Mohandas Karamchand Gandhi, better known as Mahatma is arguably the most admired human being of the twentieth-century. Not an academic philosopher, Gandhi was never concerned with abstract philosophical analysis. When asked his philosophy, he typically responded, ‘My life is my message.’ And yet one could make a strong case that Gandhi is more philosophically interesting and significant than most professional philosophers. (Douglas Allen, 2004: 103-105)
Gandhi, like Socrates, was a gadfly, and he was often an embarrassment and an irritant, even to his friends and allies. He challenges unacknowledged assumptions and uncritically accepted positions and allows us to envision different ways of seeing things. He explodes myths and arrogant provincialism and challenges power positions that pretend to be based on sound knowledge and morality. (Douglas Allen, 2004: 103-105)
Gandhi’s approach expresses an activist philosophy, which he often relates to the action-oriented philosophy of karma yoga in the Bhagavad-Gita: Act to fulfil your ethical duties with an attitude of nonattachment to the results of your actions. In this way, Gandhi experimented with ways to intervene nonviolently to weaken endless cycles of violence and mutual destruction and allow us to realise ethical goals. (Douglas Allen, 2004: 103-105)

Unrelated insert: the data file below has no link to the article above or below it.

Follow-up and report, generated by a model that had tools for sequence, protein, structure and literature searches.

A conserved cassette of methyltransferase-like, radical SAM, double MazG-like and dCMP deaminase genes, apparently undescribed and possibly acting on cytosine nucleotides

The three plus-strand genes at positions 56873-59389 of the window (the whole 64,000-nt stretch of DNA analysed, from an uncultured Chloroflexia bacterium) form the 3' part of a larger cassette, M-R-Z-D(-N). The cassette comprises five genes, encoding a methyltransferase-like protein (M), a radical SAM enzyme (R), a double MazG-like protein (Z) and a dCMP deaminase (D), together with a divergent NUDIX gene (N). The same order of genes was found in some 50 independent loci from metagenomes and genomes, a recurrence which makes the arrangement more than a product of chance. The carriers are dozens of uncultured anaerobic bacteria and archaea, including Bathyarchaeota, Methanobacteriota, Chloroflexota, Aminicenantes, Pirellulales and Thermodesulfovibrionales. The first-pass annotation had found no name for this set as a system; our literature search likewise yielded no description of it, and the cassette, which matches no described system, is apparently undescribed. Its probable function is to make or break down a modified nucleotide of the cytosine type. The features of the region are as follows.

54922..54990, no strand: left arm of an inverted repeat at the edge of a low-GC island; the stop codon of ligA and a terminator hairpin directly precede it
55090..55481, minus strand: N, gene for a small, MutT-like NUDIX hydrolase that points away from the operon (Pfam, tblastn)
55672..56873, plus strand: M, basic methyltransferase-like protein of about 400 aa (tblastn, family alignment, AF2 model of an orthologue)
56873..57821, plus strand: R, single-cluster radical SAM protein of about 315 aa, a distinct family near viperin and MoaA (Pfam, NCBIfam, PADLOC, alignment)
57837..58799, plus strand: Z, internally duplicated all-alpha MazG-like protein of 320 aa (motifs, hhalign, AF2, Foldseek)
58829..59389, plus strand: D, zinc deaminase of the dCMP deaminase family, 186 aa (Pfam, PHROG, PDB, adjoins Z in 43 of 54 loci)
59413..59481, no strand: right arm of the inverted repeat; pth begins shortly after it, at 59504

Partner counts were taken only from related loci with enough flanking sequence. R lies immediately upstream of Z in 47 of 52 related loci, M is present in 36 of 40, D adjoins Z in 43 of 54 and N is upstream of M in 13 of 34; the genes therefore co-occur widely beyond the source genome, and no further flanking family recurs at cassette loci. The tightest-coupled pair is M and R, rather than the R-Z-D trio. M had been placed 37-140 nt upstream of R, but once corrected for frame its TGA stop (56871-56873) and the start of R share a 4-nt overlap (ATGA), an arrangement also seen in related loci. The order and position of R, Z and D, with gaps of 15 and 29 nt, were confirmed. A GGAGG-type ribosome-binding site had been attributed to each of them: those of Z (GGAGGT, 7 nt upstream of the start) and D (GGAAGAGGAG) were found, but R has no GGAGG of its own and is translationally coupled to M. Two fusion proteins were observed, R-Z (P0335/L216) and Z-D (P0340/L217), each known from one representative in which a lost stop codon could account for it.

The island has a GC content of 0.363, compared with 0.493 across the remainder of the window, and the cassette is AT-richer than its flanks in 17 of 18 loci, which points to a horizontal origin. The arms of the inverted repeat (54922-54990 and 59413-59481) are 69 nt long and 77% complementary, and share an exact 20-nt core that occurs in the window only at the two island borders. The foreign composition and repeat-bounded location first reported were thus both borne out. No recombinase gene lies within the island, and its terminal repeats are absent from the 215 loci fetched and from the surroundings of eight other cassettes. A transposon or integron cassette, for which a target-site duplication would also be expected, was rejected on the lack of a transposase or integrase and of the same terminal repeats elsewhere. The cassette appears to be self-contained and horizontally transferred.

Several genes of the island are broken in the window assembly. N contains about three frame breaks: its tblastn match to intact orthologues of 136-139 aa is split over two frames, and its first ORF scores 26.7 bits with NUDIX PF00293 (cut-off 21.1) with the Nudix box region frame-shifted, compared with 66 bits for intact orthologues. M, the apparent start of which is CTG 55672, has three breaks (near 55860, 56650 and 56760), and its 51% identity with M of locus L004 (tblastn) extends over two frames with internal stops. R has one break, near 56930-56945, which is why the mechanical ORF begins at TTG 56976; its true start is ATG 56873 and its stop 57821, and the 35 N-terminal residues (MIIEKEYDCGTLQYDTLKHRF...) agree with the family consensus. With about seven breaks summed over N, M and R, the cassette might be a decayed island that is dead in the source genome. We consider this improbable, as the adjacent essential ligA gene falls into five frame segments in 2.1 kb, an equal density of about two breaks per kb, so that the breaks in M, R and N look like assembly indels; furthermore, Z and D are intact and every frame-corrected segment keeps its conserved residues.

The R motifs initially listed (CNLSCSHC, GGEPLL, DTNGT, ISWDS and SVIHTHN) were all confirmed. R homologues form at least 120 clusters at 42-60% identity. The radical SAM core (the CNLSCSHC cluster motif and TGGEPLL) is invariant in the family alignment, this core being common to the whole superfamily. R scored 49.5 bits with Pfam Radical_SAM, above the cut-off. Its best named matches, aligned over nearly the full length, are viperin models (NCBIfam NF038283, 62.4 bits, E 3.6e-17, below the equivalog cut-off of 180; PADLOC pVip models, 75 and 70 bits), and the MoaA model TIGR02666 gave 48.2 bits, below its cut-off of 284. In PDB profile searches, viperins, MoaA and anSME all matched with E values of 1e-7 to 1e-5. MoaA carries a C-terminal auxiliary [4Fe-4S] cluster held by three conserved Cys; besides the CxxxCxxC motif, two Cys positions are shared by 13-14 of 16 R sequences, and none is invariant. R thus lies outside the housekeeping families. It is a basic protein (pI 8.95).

In this regard, Gandhi presents views that are relevant to recent philosophical developments regarding pragmatism, phenomenology and hermeneutics, relativism, anti-essentialism, and postmodernism. How do we deal with the inadequate dichotomy of universal, absolute essentialism versus particular, relative anti-essentialism? Gandhi, avoiding a kind of facile relativism, embraces absolute universals, such as nonviolence, truth and the unity of all life. But Gandhi also maintains that as particular, relative, embodied human beings, none of us fully comprehends the absolute. The unity is always a unity with particular differences. The absolute may serve as a regulative ideal, but at most we have ‘glimpses’ of truth that is always relative. (Douglas Allen, 2004: 103-105)